Prayer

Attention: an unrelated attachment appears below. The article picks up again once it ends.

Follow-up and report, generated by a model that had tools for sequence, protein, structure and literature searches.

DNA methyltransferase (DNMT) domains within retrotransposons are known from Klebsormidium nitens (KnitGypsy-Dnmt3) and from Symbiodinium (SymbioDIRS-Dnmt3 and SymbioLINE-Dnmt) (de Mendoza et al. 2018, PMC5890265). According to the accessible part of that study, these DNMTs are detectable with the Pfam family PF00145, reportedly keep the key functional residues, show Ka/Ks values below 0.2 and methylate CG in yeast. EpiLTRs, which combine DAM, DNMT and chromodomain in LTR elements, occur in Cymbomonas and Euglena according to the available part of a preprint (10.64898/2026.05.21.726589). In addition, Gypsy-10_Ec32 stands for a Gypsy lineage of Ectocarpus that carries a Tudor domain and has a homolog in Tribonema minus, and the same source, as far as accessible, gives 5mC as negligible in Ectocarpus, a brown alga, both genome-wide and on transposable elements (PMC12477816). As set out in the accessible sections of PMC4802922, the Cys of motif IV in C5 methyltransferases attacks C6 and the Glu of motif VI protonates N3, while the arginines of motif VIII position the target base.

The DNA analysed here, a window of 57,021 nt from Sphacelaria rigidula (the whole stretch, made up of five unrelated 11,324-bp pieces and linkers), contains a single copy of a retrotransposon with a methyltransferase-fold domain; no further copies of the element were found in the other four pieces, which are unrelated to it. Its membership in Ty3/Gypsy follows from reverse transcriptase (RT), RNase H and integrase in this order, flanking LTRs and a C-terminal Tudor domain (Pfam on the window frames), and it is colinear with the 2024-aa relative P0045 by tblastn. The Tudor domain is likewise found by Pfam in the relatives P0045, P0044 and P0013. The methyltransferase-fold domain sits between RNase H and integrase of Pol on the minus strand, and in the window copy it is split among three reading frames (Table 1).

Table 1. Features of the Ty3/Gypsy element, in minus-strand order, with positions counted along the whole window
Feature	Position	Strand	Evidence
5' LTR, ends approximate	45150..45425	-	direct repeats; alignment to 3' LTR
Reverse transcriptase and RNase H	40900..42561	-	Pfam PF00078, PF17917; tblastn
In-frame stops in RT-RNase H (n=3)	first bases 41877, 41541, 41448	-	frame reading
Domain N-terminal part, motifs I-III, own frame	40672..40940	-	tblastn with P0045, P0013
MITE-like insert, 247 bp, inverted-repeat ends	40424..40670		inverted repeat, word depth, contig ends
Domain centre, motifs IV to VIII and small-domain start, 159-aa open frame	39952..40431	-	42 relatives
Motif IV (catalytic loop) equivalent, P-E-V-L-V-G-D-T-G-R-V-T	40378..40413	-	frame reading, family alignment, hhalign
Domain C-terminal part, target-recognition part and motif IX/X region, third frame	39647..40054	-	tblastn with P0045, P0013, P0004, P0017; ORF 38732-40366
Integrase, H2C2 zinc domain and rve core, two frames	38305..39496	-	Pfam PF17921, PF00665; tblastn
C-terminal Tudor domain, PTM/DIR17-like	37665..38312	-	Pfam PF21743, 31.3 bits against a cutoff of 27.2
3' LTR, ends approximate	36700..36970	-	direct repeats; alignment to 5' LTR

Almighty God, thy mercy endureth for ever. We have read of it: our fathers have told us concerning it; but, blessed be thy name, we ourselves have tasted and felt and handled the word of life. We know somewhat of its power in the soul; we know what the Holy Spirit hath done for us. Once we were blind: now we see; once this world was enough: now it is too small. We look up: we look beyond; we search the distant lines of the sky to see if any opening reveal itself to tell of further spaces. Once we knew not God, and our life was dark and very cold, without sympathy, without hope,—a great riddle without an answer; but now, having seen the Saviour with the eyes of our love, having been accepted in the Beloved, behold, all things are new, all nature is larger, written all over with messages full of holy suggestion; creation itself is an infinite altar at which we bow in holy, tender prayer. Behold, thou hast made all things new to us. If any man be in Christ Jesus, all things are new: old things have passed away; new heavens and a new earth, and a new future—these are the gifts of God in Christ Jesus our Lord; then the promise of heaven—heavenly study, heavenly service, heavenly progress. Our mind cannot follow the line of fatherly promise: we know not what it is in all its meaning; eye hath not seen, ear hath not heard, nor hath it entered into the heart of man to conceive what God hath prepared, laid up in store for them that love him Truly, by the Spirit, we now see in part: we see through a glass darkly; but still thou dost hold before us the solemn truth that we have not yet begun to see or hear or comprehend as compared with our enjoyments of thy presence and thy light in the world to come. Help us to read thy Book with an understanding mind, with an acute and reverent attention; and may we hear all the tones of thy voice, and see in thy word some outline of thy shape, thine image, thy glory. Let thy mercy be extended unto us according to our need. We are the children of necessity: our life is one continual want; our eyes are unto the hills whence cometh our help. We bless thee for answered prayer and for prayer denied. We pray, and leave our prayers at the throne, sprinkled with atoning blood, made eloquent by the intercession of the Son of God; and thine answer, whatsoever it be, shall make us glad or content, or quiet us with the assurance that a denial is the most beneficent of answers. In this faith we stand; in this confidence we live—It gives us strength and light and hope evermore. Amen.